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Big News for Particular Replica Rolex Watches

Generally speaking, we would say when a watch sells for an eyebrow-raising sum of money, the assertion is made – the words vary but the basic substance is the same – that it’s “ruining the hobby.” The latest example was the “barn find” Speedmaster we covered earlier this month, but there are also some other examples. It seems to mostly have passed unnoticed that in the same Phillips auction in which the PNPND set its record, I’m not sure that this isn’t at least as insane as paying $17 million for the PNPND, assuming you think this sort of thing is crazy in the first place.
So now, is this bad for watch collecting? Prices for both new and vintage fake watches of top quality, and from blue-chip names like the replica Rolex and Patek Philippe, seem on an endless upward trend. Even ten or fifteen years ago, good vintage watches weren’t exactly cheap, but the huge sums of money flowing into vintage watch collecting have, it’s true, changed the game. When I first got interested in watches, the watch magazines, such as they were, were on newsstands along with the model railroading, doll collecting, and stamp collecting magazines. Things have obviously changed greatly after that. 
The general unbelievable increase in the auction prices – and not just records, but auction prices in general – for the most collectible models are indeed bad if you’re not a wealthy individual, and what were affordable collectibles ten years ago, have become unachievable for many of us. (Of course, if you’re selling those models and got them ten to twenty years ago, it’s the best thing that ever happened to fake Rolex collecting.) I don’t know that it’s necessarily good or bad in any absolute sense, but it has fundamentally changed the nature of watch collecting, and what was once a somewhat quirky, slightly inexplicable, occasionally expensive but basically low-visibility hobby has become, to some extent, a high-stakes media circus.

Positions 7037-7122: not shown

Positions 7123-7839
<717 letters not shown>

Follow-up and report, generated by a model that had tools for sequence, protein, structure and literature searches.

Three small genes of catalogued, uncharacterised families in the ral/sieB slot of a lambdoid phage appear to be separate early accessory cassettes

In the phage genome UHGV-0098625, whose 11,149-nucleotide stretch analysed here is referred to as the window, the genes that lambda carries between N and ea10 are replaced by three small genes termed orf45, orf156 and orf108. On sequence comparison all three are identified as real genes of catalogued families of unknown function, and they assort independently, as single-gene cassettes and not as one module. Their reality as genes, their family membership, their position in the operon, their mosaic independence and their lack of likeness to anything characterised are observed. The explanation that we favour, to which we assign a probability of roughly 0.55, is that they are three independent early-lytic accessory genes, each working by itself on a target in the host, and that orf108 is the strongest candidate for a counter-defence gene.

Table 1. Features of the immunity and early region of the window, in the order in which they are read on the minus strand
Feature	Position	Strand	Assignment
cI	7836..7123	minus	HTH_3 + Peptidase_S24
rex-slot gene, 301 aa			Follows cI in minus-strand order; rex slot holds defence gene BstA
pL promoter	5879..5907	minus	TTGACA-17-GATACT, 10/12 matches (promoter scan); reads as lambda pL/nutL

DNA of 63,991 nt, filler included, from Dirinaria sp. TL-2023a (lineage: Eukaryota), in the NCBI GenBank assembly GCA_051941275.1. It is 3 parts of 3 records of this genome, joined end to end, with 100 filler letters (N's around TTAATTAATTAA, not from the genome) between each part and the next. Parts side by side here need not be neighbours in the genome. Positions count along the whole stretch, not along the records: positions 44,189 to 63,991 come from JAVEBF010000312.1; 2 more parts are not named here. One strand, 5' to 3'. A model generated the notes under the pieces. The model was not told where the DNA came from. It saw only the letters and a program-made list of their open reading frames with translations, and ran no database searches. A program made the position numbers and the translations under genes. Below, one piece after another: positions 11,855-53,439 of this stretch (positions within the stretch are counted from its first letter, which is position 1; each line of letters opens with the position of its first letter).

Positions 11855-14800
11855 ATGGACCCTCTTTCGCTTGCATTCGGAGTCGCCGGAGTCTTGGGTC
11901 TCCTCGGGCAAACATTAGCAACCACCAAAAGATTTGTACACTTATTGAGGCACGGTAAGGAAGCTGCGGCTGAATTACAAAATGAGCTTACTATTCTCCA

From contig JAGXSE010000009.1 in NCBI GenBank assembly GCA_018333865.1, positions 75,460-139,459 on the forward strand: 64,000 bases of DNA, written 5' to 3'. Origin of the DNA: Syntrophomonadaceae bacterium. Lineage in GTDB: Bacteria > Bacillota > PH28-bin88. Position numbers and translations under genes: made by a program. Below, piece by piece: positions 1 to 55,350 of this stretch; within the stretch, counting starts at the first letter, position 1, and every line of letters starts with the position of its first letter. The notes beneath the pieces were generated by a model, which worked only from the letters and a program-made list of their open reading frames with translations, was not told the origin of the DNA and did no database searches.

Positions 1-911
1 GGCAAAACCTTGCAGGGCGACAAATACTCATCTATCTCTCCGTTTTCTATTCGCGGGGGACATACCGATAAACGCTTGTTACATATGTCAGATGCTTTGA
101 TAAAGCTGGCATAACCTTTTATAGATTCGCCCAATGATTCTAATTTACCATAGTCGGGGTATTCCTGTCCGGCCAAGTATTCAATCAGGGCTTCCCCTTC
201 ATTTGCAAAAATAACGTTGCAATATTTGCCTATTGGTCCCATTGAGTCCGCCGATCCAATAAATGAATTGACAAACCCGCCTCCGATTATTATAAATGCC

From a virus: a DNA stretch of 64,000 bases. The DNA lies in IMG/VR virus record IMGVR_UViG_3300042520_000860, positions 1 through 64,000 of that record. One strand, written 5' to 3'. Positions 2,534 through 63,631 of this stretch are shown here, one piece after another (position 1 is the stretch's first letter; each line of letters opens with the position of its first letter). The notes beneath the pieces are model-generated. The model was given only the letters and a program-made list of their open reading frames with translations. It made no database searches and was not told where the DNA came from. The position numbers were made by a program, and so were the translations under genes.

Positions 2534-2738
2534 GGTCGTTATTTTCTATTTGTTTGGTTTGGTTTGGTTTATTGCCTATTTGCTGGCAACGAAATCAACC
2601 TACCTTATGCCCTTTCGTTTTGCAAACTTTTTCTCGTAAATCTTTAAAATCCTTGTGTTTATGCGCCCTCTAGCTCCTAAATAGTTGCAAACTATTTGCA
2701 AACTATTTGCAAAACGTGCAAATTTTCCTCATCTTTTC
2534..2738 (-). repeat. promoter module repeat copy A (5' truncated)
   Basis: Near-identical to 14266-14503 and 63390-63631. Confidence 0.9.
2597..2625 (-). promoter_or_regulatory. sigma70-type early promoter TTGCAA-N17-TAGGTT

The other question – is it worth it? There are two answers anyway. The first of course is “no.” The price paid for the PNPND is indefensible by any sensible measure; it is out of any plausible – never mind logical – relationship to either the design intelligence behind, or quality of craft of, or ingenuity contained within, the PNPND or any other Daytona. The second answer, however, is “yes” and that is because, by definition, the worth of something is what someone would like to purchase it – or in this case, and more relevantly, for not just the object, but what it stands for. We’ve already talked about what the PNPND and Daytonas in general, represent beyond the basic physical and design features, of the replica watches – the PNPND especially is valuable largely not for what it is, but for what it symbolizes.